It is a word of African origin that came into lunfardo, the old school, urban slang of the River Plate, by way of Portuguese. Originally it meant “brothel.” There is probably a very good story, now forgotten, that initiated this shift in meaning from “brothel” to “mess.” Use your imagination.
It is in the quilombos at the end of the 19th century where that emblematic dance of Buenos Aires emerged, and not surprisingly, it too took on an African word passed on from Portuguese: tango.
Originally turned off by all the strutting and phony seductiveness of shows and street performers, I had no interest in trying to learn tango. It seemed a nostalgic, stilted recreation of something that in its origin was spontaneous and sordid – and apparently danced by only men.
Then a few friends took me to a milonga in the center. Not a glitzy place, not one of the famous milongas. There was a small, square dance floor, surrounded by tables. Most people were in their fifties and sixties. A few younger, quite a few a bit older.
As the music started, couples took to the dance floor, mulled around, chatted and finally, as the rhythm kicked in, they began to dance. There were no leg kicks, no sequins, no smirking beneath a fedora. None of that. In fact, the most noticeable thing was not visual, but audible: feet sweeping and scraping across the wooden floor. And, man, some of those viejitos had style: eyes closed, faint grins, small, precise steps and spins.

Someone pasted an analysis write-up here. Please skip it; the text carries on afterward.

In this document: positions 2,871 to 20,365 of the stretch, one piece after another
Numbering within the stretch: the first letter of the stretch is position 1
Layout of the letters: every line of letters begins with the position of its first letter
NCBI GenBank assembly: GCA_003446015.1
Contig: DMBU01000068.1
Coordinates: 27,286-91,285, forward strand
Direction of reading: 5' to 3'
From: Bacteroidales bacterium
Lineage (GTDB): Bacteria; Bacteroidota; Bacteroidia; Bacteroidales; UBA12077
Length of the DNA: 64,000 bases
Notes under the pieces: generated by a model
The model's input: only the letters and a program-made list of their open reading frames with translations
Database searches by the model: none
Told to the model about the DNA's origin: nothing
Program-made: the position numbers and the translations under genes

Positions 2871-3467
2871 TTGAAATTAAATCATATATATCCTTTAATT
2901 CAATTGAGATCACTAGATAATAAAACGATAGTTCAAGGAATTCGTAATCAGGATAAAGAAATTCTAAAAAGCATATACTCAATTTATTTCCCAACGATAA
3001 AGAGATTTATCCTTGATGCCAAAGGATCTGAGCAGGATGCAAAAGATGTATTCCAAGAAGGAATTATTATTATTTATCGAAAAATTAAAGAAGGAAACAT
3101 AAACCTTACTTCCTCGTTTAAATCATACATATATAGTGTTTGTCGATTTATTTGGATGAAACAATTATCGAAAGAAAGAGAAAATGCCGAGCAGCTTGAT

That I wanted to learn.
A few months ago, my Italian friend Enzo invited me to a class in a bar in Palermo. I was a bit apprehensive, but it turned out to be an unpretentious, friendly environment. Carlos, the teacher, is a warm, hyperkinetic man in his late 50s with bright blue eyes and floppy white hair. He taught me some basic steps and then passed me off onto an extremely patient girl.
Each class I spend a few tangos trying to remember what I learned the last class and have forgotten over the course of the week and then, once I get comfortable again, Carlos or one of my dancing partners gives me some advice, perhaps teaches me a new variation.
I still have a long, long way to go before I can consider myself a proficient dancer. But even now, even with basic steps and a fair bit of fumbling, I feel it.
Last Friday I had some folks over and, as the bottles of wine emptied, what started as a mellow party degenerated into a quilombo. No, not a house of ill-repute, but a vibe with just a touch of descontrol. Someone put on a CD of Pugliese, pushed my dining room table aside, and we were off: